Poets logo

The Taxidermy Haunting

by Katie Alafdal 16 days ago in social commentary

a poem on home

The Taxidermy Haunting
Photo by Marc-Olivier Jodoin on Unsplash

When I was very young, my

Grandmother forgot me in the garden,

(Hot summer tomatoes, writhing hyacinths)

(Summer strawberries ripe as blood)

(Scalding sweetness behind my eyelids)

And I wandered until I came

To the dead-breath air of a bedroom.

Quilts and civilized wood,

Mirrors, torn paperbacks, pillows stuffed with goose feather.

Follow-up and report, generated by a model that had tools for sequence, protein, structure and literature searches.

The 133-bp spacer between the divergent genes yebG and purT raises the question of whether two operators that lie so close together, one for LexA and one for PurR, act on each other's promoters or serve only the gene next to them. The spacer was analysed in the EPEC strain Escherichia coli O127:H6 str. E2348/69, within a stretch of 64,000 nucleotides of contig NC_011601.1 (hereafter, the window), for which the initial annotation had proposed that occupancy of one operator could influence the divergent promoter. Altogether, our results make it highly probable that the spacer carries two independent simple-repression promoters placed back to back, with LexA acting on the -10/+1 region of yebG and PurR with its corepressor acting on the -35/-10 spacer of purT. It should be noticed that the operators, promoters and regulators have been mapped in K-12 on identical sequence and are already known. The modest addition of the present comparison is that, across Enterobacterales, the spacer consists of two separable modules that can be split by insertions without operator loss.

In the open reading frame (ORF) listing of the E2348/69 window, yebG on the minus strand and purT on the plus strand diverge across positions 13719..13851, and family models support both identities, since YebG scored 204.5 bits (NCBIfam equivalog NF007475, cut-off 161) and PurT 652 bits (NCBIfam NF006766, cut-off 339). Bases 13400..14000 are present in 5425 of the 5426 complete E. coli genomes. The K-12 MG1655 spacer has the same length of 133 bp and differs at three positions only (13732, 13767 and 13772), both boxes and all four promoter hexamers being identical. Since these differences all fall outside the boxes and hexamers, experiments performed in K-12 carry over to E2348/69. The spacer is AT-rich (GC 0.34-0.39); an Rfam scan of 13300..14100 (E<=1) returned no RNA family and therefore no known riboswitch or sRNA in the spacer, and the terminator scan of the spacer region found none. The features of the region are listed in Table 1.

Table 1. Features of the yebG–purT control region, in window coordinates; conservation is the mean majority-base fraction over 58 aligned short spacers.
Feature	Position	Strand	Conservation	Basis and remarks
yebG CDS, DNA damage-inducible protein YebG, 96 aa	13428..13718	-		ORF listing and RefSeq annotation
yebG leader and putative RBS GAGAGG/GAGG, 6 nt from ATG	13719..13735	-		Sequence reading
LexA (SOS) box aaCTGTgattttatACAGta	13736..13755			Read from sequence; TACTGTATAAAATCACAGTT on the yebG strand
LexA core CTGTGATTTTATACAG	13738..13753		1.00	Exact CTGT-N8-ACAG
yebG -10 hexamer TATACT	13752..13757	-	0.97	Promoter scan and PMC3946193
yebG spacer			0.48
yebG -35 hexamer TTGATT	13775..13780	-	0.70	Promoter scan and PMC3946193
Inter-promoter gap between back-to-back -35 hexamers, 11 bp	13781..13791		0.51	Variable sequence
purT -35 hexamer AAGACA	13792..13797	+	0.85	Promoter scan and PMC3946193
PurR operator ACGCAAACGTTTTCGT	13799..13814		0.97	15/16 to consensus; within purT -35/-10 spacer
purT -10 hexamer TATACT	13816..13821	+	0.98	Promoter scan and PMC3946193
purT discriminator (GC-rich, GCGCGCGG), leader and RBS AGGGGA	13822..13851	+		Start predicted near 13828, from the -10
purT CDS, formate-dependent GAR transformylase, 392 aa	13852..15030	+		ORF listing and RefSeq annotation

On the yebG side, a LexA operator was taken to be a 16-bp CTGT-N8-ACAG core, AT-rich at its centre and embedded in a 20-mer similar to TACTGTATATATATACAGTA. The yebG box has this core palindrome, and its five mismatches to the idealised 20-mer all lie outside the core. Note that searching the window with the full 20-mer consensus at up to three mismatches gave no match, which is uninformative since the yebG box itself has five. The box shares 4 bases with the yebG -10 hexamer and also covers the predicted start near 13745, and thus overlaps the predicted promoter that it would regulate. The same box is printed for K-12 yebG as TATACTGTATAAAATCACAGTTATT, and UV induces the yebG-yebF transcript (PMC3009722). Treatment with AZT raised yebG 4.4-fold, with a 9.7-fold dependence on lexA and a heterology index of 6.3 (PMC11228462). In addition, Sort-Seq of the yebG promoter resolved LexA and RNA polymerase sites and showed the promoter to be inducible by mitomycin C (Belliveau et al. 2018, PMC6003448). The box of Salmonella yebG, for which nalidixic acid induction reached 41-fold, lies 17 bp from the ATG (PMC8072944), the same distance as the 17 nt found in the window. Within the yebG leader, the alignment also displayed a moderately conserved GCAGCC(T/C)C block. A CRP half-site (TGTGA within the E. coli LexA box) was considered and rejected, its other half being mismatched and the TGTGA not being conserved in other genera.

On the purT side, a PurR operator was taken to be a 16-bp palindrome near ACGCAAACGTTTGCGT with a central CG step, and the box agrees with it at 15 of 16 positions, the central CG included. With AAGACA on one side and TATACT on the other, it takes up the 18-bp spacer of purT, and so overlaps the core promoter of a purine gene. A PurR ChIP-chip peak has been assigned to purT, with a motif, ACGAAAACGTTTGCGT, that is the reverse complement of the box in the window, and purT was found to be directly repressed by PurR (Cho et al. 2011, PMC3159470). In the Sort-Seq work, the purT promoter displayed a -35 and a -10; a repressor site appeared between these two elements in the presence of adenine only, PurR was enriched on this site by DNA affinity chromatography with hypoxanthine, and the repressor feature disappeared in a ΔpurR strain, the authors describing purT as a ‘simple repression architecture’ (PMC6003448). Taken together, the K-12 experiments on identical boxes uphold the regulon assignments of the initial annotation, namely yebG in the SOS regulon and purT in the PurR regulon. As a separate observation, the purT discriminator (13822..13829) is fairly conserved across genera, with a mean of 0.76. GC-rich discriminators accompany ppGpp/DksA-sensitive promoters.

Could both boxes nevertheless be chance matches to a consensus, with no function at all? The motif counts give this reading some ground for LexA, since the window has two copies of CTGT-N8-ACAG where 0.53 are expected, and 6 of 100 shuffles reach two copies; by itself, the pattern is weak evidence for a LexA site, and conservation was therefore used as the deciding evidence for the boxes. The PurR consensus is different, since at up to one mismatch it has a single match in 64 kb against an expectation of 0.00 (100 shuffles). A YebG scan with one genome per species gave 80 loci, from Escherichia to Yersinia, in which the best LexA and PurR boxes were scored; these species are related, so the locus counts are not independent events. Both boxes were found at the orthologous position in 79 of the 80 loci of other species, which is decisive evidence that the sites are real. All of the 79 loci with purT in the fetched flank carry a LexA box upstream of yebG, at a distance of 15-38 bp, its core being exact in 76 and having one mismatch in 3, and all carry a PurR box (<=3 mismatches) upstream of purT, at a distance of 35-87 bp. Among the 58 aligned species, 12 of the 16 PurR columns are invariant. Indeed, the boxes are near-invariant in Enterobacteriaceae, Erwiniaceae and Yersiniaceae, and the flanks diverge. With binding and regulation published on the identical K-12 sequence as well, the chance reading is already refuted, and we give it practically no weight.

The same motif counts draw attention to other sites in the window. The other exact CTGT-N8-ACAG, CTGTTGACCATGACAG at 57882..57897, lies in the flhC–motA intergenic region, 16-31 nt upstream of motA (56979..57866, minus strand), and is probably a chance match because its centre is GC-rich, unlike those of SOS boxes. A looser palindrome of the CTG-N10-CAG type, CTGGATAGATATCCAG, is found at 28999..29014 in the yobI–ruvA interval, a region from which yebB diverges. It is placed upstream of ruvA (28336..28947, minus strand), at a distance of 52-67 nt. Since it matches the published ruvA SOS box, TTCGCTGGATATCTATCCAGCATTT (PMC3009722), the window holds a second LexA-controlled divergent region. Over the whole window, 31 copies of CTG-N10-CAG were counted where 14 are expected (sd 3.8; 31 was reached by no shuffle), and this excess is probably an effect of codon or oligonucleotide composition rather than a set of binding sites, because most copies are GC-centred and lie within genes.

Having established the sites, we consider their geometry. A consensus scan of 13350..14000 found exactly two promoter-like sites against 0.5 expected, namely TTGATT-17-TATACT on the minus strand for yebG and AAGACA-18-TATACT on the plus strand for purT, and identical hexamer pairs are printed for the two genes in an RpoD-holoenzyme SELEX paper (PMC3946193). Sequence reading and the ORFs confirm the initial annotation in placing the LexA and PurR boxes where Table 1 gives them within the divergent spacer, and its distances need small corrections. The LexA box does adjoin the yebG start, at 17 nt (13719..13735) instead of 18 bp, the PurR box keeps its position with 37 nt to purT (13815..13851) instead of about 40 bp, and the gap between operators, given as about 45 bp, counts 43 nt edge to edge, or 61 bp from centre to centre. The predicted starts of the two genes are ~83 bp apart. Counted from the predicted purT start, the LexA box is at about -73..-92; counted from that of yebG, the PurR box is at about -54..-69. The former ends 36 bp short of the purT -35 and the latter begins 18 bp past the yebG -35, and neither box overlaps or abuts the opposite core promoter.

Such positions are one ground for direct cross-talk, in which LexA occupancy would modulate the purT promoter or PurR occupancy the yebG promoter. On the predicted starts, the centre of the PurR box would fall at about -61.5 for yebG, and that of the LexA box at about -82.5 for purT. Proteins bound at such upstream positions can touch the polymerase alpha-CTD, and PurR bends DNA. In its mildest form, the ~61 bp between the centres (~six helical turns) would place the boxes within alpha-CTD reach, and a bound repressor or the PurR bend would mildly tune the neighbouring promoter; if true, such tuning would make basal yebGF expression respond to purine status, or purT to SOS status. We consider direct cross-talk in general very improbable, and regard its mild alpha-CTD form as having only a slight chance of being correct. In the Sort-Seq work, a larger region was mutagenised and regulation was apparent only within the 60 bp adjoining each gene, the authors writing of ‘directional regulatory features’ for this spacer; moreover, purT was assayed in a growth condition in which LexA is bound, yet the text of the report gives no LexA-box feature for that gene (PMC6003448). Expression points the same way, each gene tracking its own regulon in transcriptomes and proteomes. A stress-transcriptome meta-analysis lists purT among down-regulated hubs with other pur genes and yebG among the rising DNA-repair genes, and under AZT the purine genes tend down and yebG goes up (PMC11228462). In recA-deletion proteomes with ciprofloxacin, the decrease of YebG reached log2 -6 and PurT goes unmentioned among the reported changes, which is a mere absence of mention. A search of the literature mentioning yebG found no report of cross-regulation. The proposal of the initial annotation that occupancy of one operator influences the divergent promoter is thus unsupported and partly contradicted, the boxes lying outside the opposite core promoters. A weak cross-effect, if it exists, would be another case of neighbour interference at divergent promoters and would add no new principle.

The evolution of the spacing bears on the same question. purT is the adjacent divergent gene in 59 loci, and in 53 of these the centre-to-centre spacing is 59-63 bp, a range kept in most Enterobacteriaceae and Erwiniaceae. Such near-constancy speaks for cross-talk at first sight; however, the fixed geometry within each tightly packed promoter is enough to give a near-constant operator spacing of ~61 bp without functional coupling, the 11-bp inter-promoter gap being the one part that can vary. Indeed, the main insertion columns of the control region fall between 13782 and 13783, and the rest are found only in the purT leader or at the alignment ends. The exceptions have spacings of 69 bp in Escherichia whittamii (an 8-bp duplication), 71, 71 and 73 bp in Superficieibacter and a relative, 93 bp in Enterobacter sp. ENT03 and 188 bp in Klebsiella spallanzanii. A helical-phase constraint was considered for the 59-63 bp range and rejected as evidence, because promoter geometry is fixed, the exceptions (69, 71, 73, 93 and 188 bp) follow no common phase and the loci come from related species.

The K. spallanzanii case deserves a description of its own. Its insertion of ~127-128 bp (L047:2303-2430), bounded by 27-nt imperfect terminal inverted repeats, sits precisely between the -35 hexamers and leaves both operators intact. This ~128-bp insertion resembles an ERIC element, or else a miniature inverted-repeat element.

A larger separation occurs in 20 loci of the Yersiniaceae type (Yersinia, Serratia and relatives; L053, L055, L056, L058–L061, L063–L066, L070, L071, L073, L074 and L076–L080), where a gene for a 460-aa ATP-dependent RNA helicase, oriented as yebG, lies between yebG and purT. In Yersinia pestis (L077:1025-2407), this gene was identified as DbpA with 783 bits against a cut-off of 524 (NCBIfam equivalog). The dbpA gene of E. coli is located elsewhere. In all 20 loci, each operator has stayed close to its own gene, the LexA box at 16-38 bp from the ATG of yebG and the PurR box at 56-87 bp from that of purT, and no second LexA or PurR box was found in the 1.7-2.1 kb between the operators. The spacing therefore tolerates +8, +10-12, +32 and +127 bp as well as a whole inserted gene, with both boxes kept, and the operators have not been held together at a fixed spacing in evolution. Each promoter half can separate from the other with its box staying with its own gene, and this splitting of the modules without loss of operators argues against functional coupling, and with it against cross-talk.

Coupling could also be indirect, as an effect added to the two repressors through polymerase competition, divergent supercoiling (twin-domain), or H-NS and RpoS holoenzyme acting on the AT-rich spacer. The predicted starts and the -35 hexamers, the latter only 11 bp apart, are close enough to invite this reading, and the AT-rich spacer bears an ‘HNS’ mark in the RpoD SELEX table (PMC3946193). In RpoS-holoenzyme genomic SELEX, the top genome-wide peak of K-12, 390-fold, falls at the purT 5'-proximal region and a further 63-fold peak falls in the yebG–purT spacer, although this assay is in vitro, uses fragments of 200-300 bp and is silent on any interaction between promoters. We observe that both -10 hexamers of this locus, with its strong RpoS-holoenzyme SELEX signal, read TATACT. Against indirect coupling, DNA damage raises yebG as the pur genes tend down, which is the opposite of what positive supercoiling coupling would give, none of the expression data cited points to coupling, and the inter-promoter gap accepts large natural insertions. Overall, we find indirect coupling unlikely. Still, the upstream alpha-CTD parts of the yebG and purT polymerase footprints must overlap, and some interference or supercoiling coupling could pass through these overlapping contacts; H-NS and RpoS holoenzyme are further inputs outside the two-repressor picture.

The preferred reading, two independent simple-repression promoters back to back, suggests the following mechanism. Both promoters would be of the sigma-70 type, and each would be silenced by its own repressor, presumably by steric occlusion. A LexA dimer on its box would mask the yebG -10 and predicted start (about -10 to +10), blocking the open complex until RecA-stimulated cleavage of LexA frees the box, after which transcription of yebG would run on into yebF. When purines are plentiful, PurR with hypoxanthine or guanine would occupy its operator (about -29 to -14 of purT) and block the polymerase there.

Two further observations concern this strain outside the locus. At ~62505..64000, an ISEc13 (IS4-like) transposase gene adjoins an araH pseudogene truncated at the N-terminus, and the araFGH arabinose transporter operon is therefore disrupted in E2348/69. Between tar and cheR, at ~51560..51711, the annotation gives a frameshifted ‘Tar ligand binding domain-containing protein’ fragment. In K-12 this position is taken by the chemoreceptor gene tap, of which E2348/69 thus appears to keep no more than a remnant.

This was where body after body was made,

The trauma of a bird deleting herself.

But above it was mounted a deer’s head.

Glassy dark eyes.

A mouth set slack, I could see the softness

Of a tongue.

Antlers, pale like bone or else branches.

Run through

With raises and roughness,

Childish thoughts wander into gleeful feeling,

Fingers meandering, remembering—

Preservation or the unsalvageable?

The deer, stuffed, undisturbed

Was to me a picture of

Masculine grace and softness, and yet to

Touch him was to be unsatisfied

(The hollowness of a body).

social commentary

Katie Alafdal

queer poet and visual artist. @leromanovs on insta

Receive stories by Katie Alafdal in your feed
Katie Alafdal
Read next: Poem: New Life

Find us on socal media

Miscellaneous links